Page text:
Reversing Course: A Critique of the Court of Appeals New Rules for Unjust Enrichment and Criminal Legal Malpractice Actions

By Carlisle, Jay C., II | Albany Law Review, Winter 2012 | Go to article overview

Reversing Course: A Critique of the Court of Appeals New Rules for Unjust Enrichment and Criminal Legal Malpractice Actions


Carlisle, Jay C., II, Albany Law Review


I. INTRODUCTION

This article will discuss recent developments by the Court of Appeals on the doctrine of unjust enrichment and on the elimination of non-pecuniary damages in criminal legal malpractice actions. Specifically, the article will examine the cases of Georgia Malone & Co. v. Ralph Rieder (1) and Dombrowski v. Bulson. (2)

In Georgia Malone, a divided Court of Appeals held that a plaintiffs unjust enrichment claim could be dismissed as a matter of law at an early pleading stage. (3) The five-judge majority adopted a heightened pleading requirement, which ignores almost one hundred years of established precedent (4) and relies on unfounded policy justifications. (5) The majority's opinion disregards the equitable concerns involved and creates a mandatory pleading rule requiring a connection between the plaintiff and the defendant. (6) The court's new rule is contrary to the remedy of unjust enrichment. (7)

In Dombrowski, a unanimous Court of Appeals held a client could not seek damages for loss of liberty and emotional distress in a criminal legal malpractice action against his attorney. (8) The Dombrowski opinion is based on a faulty analysis and unproven policy rationales. (9) Also, the opinion is not in step with modern principles of law permitting recovery of non-pecuniary damages in such actions. (10) Finally, a decision to immunize defense counsel from non-pecuniary damages in criminal legal malpractice actions should be made by the legislature and not by the Court of Appeals. (11)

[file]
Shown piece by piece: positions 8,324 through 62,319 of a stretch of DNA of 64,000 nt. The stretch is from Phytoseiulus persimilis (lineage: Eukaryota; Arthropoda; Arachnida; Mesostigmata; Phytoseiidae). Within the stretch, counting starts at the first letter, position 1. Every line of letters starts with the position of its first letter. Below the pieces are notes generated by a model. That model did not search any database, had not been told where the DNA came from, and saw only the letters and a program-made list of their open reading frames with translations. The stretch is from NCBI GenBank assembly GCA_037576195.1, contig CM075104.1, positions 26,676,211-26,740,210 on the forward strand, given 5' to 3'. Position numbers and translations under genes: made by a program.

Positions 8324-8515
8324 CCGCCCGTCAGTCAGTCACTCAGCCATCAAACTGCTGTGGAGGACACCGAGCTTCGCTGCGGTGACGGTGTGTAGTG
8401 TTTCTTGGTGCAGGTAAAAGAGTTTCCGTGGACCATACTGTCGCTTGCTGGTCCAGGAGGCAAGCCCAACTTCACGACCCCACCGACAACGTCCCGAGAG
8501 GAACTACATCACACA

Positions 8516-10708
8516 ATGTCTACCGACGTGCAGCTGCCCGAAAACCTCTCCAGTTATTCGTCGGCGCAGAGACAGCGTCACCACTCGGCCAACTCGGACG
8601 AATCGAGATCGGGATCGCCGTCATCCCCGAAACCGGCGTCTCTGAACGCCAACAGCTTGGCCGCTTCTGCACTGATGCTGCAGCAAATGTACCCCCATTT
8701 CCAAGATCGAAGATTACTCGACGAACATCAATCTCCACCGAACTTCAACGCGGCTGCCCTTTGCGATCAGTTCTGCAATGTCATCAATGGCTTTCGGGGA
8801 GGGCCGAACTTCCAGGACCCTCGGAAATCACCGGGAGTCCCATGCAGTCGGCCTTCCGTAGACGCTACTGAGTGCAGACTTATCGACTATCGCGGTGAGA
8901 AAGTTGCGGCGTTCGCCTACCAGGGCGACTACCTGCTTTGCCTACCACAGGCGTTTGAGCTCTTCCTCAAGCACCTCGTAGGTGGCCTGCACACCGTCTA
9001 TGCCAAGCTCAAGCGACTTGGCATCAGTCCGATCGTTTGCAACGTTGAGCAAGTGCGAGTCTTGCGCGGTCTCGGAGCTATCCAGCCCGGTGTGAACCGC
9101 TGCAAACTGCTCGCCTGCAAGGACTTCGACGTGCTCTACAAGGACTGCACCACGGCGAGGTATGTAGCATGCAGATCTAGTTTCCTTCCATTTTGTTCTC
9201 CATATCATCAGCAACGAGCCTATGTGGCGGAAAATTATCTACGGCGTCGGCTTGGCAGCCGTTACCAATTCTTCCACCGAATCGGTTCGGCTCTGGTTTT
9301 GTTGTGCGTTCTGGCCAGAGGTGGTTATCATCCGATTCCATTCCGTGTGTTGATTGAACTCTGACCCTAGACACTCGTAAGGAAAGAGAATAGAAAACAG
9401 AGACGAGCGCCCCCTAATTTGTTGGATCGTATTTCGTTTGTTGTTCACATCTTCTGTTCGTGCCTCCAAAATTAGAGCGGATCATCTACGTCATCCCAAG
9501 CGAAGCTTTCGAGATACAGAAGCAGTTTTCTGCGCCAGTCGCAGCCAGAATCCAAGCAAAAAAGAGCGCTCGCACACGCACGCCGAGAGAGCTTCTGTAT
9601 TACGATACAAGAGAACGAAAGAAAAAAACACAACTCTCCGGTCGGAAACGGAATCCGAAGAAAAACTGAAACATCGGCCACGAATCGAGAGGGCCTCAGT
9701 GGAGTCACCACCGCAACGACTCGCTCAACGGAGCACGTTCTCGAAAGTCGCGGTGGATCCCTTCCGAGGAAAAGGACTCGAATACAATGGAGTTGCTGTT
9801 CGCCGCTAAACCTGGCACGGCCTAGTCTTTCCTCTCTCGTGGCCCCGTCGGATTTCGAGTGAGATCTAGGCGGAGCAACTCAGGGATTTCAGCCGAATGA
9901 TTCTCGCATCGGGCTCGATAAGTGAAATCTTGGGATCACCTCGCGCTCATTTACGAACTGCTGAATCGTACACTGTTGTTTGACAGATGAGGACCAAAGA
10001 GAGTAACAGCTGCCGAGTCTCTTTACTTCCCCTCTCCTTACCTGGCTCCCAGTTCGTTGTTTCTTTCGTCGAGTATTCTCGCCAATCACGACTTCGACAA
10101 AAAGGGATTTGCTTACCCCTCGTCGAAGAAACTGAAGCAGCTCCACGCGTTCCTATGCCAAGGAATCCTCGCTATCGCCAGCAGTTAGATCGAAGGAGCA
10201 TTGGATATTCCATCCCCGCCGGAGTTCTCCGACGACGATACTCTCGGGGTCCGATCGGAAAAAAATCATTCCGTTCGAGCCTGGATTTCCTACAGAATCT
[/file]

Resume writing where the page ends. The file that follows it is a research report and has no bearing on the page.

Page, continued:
The Georgia Malone and Dombrowski decisions demonstrate the Court of Appeals' willingness to dismiss civil claims at the pleading stage for speculative policy justifications not included in the evidentiary record. (12) These decisions are unfortunate departures from established case law and frustrate the letter and spirit of the liberal pleading requirements in the CPLR. (13)

II. BACKGROUND--UNJUST ENRICHMENT

"The essential inquiry in any action for unjust enrichment ... is whether it is against equity and good conscience to permit the defendant to retain what is sought [by the plaintiffs] to be recovered." (14) For almost one hundred years, since its holding in Miller v. Schloss, (15) the Court of Appeals has asked if a benefit has been "conferred on the defendant under mistake of fact or law, if the benefit still remains with the defendant ... and whether the defendant's conduct was tortious or fraudulent." (16) The court's focus has been on an equity and good conscience test, (17) which, at the pleading stage, must be afforded a liberal construction with every favorable inference being given to the plaintiff. (18)